Pythiumroot rot: The “water mold” that causes Pythiumroot rot may first infect the seedlings in fall-planted cereals, though seedlings are rarely killed. The stunting of seedlings resulting from Pythiuminfection may go unnoticed until other plants in the field begin healthy, vigorous growth in the spring. Roots of infected plants begin to turn brown then disintegrate beginning at the root tips. Plant mortality can occur if infection is severe enough for the rotted roots to break away from the crown. Pythiumspores survive several years in soil without a host, and spores are present in all soil types. Infection of plants is greatest in cold, wet, clay soils.

Snow mold-Small Grains

Ken Wise-NYS IPM

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Pink snow mold (Fusarium nivale) and speckled snow mold (Typhulaspecies) are the two main fungi that cause this disease. Pink snow mold is by far more common than speckled snow mold. Many times snow mold occurs in patches in the field after the snow melts. You will observe a fungal mass on the leaves that appears pinkish, whitish or gray. Many times the leaves will have brown-black fungal bodies which are called sclerotia. The leaves could be partly or entirely killed. If snow mold infects the crown it will kill the plant. If the crown is not infected most likely new leaves will grow back and the plant should produce grain.

Insecticide Seed Treatments for Seed Corn Maggot-Field Corn

Ken Wise-NYS IPM

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During the last few years I have been in a few corn fields where seed corn maggot infestations have reduced plant populations by 5,000 to 6,000 plants per acre. This reduction can translate to a loss of 1 to 2 tons of corn silage per acre. This pest is, however, easily and inexpensively controlled by using an insecticide planter box seed treatment or insecticide pretreated seed. Prevention is the key to controlling seed corn maggot!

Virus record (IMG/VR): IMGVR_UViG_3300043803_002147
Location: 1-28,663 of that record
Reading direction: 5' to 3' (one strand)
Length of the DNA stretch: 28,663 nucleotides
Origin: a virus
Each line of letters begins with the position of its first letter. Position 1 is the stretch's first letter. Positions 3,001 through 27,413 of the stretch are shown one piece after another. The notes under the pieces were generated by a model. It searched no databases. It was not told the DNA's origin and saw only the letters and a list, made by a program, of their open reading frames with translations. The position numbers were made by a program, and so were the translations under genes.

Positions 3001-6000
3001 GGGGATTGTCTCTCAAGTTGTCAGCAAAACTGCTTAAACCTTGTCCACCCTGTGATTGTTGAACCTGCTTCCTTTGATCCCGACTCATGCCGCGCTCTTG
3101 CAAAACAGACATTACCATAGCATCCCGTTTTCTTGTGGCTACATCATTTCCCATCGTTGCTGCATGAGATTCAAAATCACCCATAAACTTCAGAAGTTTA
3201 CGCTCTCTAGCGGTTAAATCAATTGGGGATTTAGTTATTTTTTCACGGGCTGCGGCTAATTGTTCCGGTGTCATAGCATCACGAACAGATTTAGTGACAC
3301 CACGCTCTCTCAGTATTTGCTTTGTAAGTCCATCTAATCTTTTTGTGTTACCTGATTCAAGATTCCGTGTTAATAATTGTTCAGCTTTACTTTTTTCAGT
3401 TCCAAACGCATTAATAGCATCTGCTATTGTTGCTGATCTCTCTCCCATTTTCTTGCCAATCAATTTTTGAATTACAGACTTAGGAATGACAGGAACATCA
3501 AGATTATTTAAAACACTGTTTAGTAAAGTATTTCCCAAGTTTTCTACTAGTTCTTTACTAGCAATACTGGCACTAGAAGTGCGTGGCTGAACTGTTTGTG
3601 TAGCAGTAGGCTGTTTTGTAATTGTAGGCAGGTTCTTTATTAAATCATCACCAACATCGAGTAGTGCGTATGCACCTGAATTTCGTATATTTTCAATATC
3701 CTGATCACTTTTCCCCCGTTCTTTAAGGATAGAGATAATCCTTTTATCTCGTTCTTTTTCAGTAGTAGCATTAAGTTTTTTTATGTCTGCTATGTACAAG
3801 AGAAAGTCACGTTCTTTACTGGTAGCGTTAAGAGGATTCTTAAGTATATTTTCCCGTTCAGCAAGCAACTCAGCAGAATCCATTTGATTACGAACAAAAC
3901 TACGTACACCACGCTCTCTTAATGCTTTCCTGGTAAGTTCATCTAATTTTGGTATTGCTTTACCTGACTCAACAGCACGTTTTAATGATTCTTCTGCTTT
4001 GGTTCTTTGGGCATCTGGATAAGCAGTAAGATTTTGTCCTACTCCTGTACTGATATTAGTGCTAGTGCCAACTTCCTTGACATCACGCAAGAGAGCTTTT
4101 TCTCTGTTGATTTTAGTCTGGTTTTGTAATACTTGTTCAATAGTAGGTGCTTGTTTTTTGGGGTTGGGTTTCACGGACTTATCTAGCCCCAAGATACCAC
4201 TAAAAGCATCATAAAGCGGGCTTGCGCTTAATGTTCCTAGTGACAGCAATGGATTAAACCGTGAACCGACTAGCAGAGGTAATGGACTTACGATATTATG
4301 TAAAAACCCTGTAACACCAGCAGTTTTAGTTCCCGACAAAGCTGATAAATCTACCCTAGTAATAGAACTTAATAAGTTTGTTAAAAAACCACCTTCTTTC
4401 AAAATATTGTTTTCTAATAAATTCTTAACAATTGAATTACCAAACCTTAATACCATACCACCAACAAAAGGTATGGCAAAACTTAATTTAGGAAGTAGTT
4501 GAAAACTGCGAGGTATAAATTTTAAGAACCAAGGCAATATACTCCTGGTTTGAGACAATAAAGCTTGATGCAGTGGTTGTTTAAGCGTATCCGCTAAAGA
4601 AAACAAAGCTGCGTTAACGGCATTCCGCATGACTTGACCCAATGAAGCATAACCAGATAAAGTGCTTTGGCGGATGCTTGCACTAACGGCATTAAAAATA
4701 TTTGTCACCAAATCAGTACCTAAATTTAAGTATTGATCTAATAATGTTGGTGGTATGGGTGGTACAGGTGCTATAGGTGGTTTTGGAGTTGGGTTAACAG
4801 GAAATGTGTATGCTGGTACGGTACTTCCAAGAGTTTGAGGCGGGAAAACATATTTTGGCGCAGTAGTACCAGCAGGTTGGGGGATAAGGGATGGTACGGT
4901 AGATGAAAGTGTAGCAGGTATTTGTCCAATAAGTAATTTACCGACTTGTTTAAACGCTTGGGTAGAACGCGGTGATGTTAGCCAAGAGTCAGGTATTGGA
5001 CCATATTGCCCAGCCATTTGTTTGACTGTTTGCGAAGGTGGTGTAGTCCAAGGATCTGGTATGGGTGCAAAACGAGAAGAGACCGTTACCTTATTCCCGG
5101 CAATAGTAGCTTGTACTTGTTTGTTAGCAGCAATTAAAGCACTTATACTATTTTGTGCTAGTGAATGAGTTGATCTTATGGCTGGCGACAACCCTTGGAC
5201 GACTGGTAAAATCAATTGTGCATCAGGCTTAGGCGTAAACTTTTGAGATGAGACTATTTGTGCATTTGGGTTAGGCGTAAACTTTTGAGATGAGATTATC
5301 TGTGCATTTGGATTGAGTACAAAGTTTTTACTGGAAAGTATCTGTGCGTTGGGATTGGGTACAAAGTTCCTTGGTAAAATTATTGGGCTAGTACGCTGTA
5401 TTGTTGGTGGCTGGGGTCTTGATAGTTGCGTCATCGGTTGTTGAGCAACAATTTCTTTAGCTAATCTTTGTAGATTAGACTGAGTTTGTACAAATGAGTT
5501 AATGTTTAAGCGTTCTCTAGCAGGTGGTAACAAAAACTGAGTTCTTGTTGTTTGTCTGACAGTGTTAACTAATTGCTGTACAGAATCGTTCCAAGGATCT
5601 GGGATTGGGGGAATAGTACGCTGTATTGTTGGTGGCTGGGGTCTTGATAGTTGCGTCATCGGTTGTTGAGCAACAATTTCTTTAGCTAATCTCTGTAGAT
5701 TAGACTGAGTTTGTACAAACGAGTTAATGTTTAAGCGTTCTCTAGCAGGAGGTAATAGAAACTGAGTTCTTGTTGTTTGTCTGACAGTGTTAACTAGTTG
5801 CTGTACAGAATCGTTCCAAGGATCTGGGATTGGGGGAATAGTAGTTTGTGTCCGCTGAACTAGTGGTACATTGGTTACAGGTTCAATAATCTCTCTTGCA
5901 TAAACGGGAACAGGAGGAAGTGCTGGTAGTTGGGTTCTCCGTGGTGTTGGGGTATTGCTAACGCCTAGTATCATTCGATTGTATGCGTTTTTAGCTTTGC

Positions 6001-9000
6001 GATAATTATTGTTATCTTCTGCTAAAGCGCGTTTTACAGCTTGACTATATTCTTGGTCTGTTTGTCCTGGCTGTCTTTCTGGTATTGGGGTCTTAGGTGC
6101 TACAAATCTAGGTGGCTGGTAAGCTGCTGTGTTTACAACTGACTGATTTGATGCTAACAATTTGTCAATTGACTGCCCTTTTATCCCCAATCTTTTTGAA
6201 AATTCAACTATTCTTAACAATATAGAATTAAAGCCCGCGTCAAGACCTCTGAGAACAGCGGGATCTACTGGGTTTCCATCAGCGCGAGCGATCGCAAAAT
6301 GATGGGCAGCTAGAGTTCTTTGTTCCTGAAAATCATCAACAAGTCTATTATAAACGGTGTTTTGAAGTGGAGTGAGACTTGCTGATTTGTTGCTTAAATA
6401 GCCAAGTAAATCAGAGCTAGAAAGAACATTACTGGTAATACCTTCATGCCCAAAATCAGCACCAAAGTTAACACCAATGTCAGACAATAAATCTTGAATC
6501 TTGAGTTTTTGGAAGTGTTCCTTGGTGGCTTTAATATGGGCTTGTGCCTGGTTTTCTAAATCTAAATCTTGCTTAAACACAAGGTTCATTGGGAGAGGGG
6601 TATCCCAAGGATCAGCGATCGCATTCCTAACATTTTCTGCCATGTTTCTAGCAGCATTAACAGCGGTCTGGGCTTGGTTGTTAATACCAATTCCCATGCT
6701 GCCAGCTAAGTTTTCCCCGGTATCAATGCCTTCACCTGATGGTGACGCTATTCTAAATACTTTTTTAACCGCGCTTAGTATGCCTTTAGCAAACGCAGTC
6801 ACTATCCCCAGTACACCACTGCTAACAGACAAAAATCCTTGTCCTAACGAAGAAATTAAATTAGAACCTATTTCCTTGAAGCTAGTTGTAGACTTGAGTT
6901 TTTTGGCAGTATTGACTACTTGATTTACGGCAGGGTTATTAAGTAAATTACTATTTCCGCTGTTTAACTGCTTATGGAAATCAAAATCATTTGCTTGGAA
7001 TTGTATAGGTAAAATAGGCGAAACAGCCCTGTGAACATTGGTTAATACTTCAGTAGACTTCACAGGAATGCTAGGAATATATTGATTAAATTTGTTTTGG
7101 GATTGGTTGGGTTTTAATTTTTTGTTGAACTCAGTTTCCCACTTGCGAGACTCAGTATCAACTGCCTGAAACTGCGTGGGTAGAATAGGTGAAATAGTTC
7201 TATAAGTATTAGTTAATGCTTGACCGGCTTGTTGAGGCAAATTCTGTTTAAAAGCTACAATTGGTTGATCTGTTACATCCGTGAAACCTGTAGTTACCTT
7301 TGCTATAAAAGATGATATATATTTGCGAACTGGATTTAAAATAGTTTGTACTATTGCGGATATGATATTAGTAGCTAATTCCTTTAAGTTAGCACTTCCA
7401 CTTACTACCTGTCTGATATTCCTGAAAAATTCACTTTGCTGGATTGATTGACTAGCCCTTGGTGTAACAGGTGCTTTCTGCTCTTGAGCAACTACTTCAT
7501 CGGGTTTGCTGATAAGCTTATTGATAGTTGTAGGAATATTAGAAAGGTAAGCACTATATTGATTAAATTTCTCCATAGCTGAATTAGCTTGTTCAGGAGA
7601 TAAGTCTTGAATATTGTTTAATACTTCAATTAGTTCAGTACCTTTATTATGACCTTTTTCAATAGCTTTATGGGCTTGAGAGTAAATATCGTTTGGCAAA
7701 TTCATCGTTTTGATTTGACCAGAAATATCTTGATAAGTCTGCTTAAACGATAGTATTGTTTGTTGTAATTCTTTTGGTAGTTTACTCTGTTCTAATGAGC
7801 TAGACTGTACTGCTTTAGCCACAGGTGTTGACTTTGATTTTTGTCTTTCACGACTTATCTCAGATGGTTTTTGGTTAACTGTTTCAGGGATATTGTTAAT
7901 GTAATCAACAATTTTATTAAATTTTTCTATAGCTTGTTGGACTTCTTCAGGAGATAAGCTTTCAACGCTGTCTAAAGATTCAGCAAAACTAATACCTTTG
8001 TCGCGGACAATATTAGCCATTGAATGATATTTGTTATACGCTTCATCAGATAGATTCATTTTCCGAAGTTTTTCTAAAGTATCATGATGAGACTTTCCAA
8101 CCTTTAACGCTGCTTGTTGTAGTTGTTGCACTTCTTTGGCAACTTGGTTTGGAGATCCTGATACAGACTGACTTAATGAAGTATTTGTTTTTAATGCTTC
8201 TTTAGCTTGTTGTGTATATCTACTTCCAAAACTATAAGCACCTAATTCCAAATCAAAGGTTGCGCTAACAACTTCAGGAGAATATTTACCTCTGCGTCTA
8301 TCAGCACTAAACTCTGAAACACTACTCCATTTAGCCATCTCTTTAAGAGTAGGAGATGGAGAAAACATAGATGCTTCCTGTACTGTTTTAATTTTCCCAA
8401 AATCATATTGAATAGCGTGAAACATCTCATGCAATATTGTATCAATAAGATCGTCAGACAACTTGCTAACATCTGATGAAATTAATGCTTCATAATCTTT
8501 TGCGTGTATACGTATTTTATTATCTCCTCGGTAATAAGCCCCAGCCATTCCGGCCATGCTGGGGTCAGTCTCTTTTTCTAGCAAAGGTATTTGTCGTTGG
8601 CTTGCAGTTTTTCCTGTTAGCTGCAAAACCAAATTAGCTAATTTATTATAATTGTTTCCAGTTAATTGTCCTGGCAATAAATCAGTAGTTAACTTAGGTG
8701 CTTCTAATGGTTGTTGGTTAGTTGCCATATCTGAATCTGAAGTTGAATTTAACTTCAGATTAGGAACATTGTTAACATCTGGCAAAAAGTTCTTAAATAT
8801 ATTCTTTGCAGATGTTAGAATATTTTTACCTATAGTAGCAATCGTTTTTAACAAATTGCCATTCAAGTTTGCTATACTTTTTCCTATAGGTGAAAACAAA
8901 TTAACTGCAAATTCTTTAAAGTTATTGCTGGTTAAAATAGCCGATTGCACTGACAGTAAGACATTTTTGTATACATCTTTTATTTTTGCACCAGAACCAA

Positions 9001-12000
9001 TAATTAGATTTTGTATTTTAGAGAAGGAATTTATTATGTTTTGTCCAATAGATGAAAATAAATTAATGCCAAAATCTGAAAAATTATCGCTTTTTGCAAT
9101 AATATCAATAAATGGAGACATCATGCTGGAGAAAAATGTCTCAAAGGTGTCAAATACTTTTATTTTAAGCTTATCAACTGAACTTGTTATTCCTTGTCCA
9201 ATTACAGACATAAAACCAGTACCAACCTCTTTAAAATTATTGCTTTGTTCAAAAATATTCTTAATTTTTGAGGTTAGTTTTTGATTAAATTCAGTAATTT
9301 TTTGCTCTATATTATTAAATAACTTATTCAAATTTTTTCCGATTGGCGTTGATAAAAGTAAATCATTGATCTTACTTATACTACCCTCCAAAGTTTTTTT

Seed corn maggot (SCM) is an insect pest that feeds on large seeded crops like corn and soybean. In the early spring, the female SCM fly searches fields with high organic matter (decomposing plant material, fields with manure, etc.) for soil cracks and germinating seeds in which to lay their eggs. Maggots hatch from the eggs and feed by burrowing into germinating seeds. These maggots are tapered, legless, appear to be headless, pale yellowish-white, and reach a length of about a 1/4 inch long. Symptoms of SCM damage may show as skips in the corn rows. In bean crops, such as soybeans and drybeans, SCM damaged seedlings may appear as "snake heads" i.e. seedlings without cotyledons. Proper diagnosis requires some digging in the gaps within a row to check for seeds and on seed health. For more information on SCM management check out Early Season Insect Pests of Corn

Soybean Rust Center

Julie Stavisky-NYS IPM

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The New York State Soybean Rust Information Center is now available online! This will be our best first resource as things develop in the soybean crop this year

Clipboard Checklist

Ken Wise-NYS IPM

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  • Check alfalfa and wheat stands for overwintering success

  • Treat corn seed with an insecticide for seed corn maggot

  • Treat corn seed with an insecticide for seed corn maggot

  • Treat corn seed with a fungicide for seed and seedling diseases

  • Watch for alfalfa weevil damage as the weather continues to warm

  • Watch for early season weeds: field penny cress, shepherd's purse, giant ragweed, lambsquarters, Pennsylvania smartweed, common sunflower

Contact Information

Ken Wise-NYS IPM

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Julie Stavisky:IPM Area Educator, Livestock and Field Crops, Western NY
Phone: (315) 331-8415
Fax: (315) 331-8411
Email: js38@cornell.edu

Keith Waldron: NYS Livestock and Field Crops IPM Coordinator

Phone: (315) 787 - 2432

Fax: (315) 787-2360

Email: jkw5@cornell.edu

Ken Wise: Eastern NYS IPM Area Educator: Field Crops and Livestock

Phone: (518) 434-1690

Fax: (518) 426-3316

Email: klw24@cornell.edu

NYS IPM Livestock and Field Crops Website